The United States surfaced as the sole dominating power in world politics as there were no real challengers to their hegemonic position. This allowed greater room for the superpower to maneuver and to get involved in international issues that not necessarily coincided with national interest. We can describe this new political situation as being unipolar.
Phase Two – Bipolarity (done)
Bipolarity is used to denote the basic structure in the international system when it is dominated by two superpowers. This means that other states must ally themselves with one of the two major powers, which again limits their room to maneuver and thus result in more stable international politics.
Phase Three – Multipolarity (We Are Here)
A system of multipolarity increases rivalry in world politics, the reason being that many states of similar strength compete for power and influence. These states are often uncertain of other states’ intentions, which increases the probability of military action. Also, the power balance in this type of system is changing constantly, as a result of changing alliances.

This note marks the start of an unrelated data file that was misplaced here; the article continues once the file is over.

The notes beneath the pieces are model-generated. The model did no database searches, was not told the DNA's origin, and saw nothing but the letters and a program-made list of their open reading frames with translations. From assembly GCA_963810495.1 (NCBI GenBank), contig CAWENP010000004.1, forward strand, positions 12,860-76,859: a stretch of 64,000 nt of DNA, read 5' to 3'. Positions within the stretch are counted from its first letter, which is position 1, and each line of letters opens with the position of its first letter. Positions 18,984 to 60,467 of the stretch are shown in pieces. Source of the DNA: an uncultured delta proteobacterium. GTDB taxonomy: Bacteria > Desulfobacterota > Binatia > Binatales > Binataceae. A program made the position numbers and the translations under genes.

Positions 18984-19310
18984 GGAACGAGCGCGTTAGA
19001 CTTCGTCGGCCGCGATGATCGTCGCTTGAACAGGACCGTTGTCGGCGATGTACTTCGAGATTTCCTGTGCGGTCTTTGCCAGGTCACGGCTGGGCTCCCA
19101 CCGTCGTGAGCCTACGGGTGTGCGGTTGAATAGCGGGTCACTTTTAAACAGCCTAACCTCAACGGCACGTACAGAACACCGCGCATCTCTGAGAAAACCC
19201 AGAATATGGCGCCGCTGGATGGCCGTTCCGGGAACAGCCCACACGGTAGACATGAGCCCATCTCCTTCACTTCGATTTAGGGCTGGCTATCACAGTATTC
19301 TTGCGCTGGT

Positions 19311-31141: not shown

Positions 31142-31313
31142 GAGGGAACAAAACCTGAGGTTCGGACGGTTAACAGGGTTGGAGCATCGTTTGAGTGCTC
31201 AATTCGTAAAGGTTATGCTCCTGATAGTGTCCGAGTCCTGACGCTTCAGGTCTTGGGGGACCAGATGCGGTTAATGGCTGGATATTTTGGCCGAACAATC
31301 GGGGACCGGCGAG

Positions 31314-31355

Multipolarity denotes the fundamental power structure in an international system dominated by several large powers, and is characterized by antagonism between these.
According to the World Economic Forum and the 1000 leaders surveyed the world is entering into Multipolarity and such is evident by the rise of China. Just last year, at the Davos gathering of Elitists Xi Jinping issued his desires to replace the United States on the World Stage.
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Xi told attendees of Davos 2017 that China needs to step in to “guide” the development of a new world order, taking the place of the US. Openly, within that statement, China declared a covert-sort-of-war against the United States. Previously, the US has engaged in open proxy wars with Russia; but given the crises in the South China Sea, it is rather evident that China and the US will begin globally sparring shortly.